About 20 mayors from across the natioon joined Los Angeles Mayor Karen Bass in L.A. this week for a U.S. Conference of Mayors (USCM) gathering to discuss strategies for combating homelessness and to advocate for federal resources they say are needed to confront this national crisis.
Bass, who became chair of the USCM’s Homelessness Task Force in June, hosted the group of visiting mayors, who shared best practices and identified potential solutions to barriers that they hope to communicate to White House officials and federal lawmakers.
“When we join together as mayors, we build the national momentum to get this solved,” Bass said during a press conference on Thursday, Nov. 9, at the Westin Bonaventure hotel in downtown L.A., where the mayors had gathered.
“Mayors are on the ground. Mayors are first responders. And we bear the responsibility to make sure that no one in the U.S. is left without housing, is left without support services and left to live and die on our streets,” Bass said.
USCM President and Reno Mayor Hillary Schieve said elected officials need to start calling out outdated or failing policies, such as the fact that federal funding to combat homelessness often goes to state or county governments but not to the cities.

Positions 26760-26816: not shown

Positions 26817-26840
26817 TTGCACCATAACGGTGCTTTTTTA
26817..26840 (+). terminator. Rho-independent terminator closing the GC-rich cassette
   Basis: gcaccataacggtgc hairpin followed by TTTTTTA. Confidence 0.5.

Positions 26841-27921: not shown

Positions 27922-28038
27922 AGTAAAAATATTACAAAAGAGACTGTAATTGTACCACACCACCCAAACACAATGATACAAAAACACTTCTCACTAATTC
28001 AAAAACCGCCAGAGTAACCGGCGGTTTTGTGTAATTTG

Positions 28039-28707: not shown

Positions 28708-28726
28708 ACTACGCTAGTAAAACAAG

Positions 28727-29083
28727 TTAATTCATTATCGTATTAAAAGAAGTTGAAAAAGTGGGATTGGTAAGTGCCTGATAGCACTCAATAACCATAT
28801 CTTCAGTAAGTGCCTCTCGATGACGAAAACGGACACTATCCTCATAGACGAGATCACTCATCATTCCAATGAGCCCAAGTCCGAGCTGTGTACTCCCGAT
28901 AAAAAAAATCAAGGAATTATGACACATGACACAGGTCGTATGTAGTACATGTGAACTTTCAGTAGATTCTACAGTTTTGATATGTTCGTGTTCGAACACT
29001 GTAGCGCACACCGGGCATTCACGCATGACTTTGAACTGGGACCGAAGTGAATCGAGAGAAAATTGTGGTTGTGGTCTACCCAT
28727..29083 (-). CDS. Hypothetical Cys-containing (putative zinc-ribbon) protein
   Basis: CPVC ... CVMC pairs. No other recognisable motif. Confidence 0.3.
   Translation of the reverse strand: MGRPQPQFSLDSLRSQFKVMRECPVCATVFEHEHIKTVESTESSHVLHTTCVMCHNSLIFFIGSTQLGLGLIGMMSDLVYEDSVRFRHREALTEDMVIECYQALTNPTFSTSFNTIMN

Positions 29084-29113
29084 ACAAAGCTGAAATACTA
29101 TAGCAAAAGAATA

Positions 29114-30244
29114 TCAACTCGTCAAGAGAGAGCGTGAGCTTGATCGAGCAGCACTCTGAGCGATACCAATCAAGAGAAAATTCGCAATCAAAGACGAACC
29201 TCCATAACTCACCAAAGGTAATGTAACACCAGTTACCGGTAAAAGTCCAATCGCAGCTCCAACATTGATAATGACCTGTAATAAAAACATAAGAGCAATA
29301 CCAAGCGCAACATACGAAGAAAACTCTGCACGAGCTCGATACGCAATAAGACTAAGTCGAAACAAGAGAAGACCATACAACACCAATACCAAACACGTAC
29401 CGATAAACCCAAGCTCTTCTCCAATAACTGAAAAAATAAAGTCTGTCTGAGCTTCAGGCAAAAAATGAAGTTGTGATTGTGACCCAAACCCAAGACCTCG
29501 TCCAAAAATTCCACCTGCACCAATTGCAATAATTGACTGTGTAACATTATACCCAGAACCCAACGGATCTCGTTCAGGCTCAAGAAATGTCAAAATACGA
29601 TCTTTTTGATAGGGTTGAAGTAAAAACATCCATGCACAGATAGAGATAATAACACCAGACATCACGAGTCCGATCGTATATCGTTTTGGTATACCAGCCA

The group of mayors also brought up the need for policymakers to tackle issues like mental health illnesses and substance abuse as part of a comprehensive approach to addressing homelessness.
Wade Kapszukiewicz, the mayor of Toledo, Ohio, listed some major requests that the group of mayors is seeking from the federal government, including a dramatic increase in housing vouchers, more federal protections for tenants facing evictions, increased emergency rental assistance and more investments in mental health and other support services.
“(We’re) not interested in talking; we’re interested in doing,” Kapszukiewicz said.
Immediately following the press conference, the mayors participated in a discussion with White House Domestic Policy Advisor Neera Tanden, who announced that the Biden administration will issue guidance to increase the flexibility in the federal housing voucher program to shorten the time someone must wait for housing.
In addition, Tanden announced that the Biden administration launch a program to better ensure that people coming out of treatment for, say, substance abuse, will have access to Medicaid services.
“We know the federal government can be a burden or it can be a partner, and our goal is to be a partner,” Tanden said.
The Biden administration had previously set a goal of reducing homelessness nationwide by 25% by the year 2025.
The U.S. Conference of Mayors’ two-day event wrapped up on Thursday.
Earlier in the day, the mayors toured Skid Row, the epicenter of L.A.’s homeless crisis, and the Hilda L. Solis Care First Village, which provides interim housing near L.A.’s Chinatown.
No comments on this item Please log in to comment by clicking here